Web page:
Locus’s cloud software will replace several existing systems, which no longer meet the Port’s requirements. Locus’s software combines the power of EIM’s environmental data analytical and reporting capabilities with Locus Platform’s configurable compliance features to track, notify, and manage regulatory commitments for the Port and its contractors. Locus software provides a unified system for environmental data management and compliance and allows the flexibility to adapt to regulatory changes over the course of the contract.  

“We are very pleased that Port of Seattle recognized the power of our cloud software. The Port selected Locus software due to its robust environmental data management and compliance capabilities tested for nearly a quarter-century in the cloud. With Locus, the Port will have all data in a central data repository available on the web 24 hours a day, seven days a week. Port will reap the benefits of using Locus’ SaaS to manage and automate their environmental data, compliance, and reporting,” said Neno Duplan, CEO of Locus. 

Locus Technologies obtains accreditation as verification body for Low Carbon Fuel Standard (LCFS)

Locus staff continue to prove expertise in this emerging compliance area with accredited staff throughout California and the Midwest. 

MOUNTAIN VIEW, Calif., 27 January 2020
Locus Technologies, (Locus), industry leader in water quality, EHS, sustainability, and compliance management software, is pleased to announce they are among the first accredited verification bodies for the Low Carbon Fuel Standard (LCFS) program administered by the California Air Resources Board (CARB). Locus verifiers were accredited for fuel pathway applications, alternative fuel transactions, and petroleum-based fuel reports.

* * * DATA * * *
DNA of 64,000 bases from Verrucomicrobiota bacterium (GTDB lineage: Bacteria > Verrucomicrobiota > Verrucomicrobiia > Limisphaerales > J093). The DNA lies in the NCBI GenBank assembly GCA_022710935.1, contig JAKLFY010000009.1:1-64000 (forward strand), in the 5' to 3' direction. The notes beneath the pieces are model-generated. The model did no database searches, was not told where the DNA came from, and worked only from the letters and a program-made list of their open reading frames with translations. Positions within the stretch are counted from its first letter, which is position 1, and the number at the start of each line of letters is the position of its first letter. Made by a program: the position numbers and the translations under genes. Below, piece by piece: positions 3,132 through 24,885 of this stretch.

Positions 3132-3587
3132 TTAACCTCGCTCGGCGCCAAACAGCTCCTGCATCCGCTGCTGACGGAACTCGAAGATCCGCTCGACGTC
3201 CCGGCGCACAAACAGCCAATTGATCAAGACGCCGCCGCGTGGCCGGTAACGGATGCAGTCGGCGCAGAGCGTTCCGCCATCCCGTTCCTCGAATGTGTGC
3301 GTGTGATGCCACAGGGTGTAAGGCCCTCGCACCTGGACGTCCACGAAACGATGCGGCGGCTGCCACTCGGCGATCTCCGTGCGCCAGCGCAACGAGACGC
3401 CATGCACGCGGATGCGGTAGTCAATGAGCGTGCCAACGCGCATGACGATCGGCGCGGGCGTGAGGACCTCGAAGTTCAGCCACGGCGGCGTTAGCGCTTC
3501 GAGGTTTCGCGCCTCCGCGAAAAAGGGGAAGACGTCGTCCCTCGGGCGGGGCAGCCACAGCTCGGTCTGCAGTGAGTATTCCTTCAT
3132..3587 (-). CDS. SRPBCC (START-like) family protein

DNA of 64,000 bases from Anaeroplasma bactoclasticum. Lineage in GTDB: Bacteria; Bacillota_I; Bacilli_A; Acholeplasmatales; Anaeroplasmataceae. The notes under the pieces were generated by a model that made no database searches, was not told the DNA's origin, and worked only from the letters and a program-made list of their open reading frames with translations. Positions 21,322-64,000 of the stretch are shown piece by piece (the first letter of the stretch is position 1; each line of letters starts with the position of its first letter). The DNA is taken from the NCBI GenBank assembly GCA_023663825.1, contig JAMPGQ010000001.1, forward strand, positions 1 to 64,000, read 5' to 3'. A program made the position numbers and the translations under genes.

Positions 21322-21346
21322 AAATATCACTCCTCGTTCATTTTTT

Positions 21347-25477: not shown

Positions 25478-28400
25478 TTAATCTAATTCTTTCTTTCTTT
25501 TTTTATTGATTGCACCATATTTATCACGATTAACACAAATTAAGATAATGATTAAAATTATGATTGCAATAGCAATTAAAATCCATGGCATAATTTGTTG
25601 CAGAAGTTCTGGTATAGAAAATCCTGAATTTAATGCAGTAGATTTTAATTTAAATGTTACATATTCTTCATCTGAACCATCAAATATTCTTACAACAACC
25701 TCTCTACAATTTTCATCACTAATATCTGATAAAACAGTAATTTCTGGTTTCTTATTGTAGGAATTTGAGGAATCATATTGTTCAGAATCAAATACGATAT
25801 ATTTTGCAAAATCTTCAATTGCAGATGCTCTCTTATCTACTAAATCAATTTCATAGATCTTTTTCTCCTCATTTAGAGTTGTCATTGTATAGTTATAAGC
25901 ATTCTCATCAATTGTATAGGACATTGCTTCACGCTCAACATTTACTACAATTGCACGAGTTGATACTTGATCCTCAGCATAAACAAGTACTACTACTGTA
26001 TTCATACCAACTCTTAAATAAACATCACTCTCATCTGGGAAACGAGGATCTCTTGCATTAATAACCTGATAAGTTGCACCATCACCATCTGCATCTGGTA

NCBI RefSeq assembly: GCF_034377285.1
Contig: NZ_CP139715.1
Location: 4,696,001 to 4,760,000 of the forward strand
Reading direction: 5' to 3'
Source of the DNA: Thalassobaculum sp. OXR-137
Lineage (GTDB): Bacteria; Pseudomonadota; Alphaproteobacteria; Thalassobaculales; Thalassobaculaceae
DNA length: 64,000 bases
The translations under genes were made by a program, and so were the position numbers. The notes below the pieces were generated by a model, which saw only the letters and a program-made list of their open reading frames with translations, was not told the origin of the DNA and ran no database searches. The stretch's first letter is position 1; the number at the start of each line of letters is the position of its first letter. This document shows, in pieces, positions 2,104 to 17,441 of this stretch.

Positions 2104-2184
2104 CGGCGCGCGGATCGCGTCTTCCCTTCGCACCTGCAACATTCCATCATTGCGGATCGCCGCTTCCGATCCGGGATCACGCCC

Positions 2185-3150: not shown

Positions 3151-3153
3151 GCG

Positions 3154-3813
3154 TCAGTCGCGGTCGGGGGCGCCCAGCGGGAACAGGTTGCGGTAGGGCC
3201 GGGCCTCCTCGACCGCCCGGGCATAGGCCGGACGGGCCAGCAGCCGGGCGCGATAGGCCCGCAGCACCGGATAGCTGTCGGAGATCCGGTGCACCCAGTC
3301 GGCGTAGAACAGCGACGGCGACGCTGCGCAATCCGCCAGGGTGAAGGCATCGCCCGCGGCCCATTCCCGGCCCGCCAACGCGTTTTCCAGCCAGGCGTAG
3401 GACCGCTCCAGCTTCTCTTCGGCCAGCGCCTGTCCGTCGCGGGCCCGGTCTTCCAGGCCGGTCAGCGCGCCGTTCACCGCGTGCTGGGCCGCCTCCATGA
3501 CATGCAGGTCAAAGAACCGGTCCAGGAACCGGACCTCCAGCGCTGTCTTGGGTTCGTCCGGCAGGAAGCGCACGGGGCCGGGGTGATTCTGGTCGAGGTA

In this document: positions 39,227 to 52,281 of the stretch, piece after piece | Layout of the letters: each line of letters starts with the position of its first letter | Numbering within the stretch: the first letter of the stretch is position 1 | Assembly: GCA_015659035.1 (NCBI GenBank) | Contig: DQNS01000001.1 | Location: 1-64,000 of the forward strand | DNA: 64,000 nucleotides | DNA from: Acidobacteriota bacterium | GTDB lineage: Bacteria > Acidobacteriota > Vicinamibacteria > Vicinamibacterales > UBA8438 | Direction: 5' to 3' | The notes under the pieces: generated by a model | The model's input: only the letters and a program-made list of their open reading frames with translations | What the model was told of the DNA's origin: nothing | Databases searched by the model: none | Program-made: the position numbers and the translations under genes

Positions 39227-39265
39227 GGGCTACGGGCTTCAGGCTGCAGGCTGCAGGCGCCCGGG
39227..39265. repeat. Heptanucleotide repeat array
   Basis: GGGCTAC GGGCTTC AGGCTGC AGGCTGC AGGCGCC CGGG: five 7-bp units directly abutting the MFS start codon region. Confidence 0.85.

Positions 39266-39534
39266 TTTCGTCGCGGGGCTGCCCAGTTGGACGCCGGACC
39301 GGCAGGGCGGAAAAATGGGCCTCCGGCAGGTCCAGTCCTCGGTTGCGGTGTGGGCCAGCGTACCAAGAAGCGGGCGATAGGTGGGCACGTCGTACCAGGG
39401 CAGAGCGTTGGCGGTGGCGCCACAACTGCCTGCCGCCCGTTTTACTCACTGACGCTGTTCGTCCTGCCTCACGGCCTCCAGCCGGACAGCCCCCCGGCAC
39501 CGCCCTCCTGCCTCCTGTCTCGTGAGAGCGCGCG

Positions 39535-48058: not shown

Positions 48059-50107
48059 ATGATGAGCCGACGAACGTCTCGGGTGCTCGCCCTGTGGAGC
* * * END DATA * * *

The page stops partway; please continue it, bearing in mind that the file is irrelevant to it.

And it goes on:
Originally adopted in 2009, the goal of the LCFS program is to reduce the carbon intensity (CI) of the transportation fuel pool. The LCFS is one of the key AB 32 measures to reduce greenhouse gas emissions in California, while reducing petroleum dependency and achieving improved air quality. The program has grown in scope, and certified third-party verifiers can now review both applications and routine reporting.

Locus Technologies has been a certified third-party reviewer of GHG verifications for CARB since 2010 under the Mandatory Reporting Rule and maintains an unmatched track record. Not one of over 500 GHG verifications by Locus has been overturned, a standard the company intends to match with LCFS reporting.

Locus has staff and expertise to review Tier 1 fuel pathway applications and annual reports under LCFS as well as other LCFS projects, with verifiers located in San Francisco, San Jose, Sacramento, Los Angeles, and in the Midwest. Locus also offers software products designed to assist reporters in complying with the LCFS program.